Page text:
This future orientation is clearly important. Animals, for example, can act in response to the future:
When a mouse hides before a cat enters the room it is responding to an event that has not yet happened, and its ability to do so is one of evolution's most remarkable achievements.Humans have this ability too. But we also experience the future simulating it:
in our minds. We know... that it would be painful to go an hour without blinking... that winning the lottery would be more enjoyable than becoming paraplegic... because we can close our eyes, imagine these events... Unfortunately, the conclusions that we draw in this way aren't always right. Trysts are often better contemplated than consummated, and sweetbreads are often better the other way around.As Daniel Gilbert puts it, it's notoriously difficult to get people to be farsighted. But you can get people to imagine the future more vividly.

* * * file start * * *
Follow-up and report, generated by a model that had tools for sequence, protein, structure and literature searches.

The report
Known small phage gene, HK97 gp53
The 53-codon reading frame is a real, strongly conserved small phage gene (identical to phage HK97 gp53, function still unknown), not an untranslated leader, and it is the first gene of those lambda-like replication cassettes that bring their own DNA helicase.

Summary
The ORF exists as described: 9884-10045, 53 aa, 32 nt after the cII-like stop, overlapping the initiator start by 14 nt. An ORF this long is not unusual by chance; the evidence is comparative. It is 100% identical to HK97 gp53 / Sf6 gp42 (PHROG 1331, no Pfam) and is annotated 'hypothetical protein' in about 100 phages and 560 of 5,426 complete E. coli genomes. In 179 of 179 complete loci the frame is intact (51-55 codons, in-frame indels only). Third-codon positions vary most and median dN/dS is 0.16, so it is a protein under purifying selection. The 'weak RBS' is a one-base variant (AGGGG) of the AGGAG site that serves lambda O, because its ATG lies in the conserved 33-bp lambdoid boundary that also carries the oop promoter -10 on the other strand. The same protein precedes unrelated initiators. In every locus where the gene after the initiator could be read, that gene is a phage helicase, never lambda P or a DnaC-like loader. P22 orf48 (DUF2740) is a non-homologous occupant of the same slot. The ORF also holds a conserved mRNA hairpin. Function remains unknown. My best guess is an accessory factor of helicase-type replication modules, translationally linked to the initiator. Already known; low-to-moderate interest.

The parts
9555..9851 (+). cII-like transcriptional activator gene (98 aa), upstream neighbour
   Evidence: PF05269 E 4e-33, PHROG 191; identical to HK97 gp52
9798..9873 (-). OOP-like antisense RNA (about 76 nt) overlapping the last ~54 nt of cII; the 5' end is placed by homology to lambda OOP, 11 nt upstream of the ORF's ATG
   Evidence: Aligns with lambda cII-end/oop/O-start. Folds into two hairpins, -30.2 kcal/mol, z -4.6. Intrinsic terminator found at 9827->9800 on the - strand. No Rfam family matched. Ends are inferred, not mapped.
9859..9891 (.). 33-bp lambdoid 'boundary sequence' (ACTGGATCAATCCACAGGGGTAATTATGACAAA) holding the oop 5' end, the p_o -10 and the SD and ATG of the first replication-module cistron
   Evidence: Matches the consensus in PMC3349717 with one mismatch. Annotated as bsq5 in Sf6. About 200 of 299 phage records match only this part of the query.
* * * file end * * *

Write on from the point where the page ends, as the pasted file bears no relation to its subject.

Would you like to be 65 with an extra $100,000, is very different from imagine yourself at 65. Will you be living? What will you look like? How much hair will you have? Who will you be living with? With the imaginary scenario suddenly we feel like saving.
Daniel argues these techniques are marginal. But there are also many situations in which humans voluntarily collaborate to protect the future. When humans cooperate is the topic for the next short post.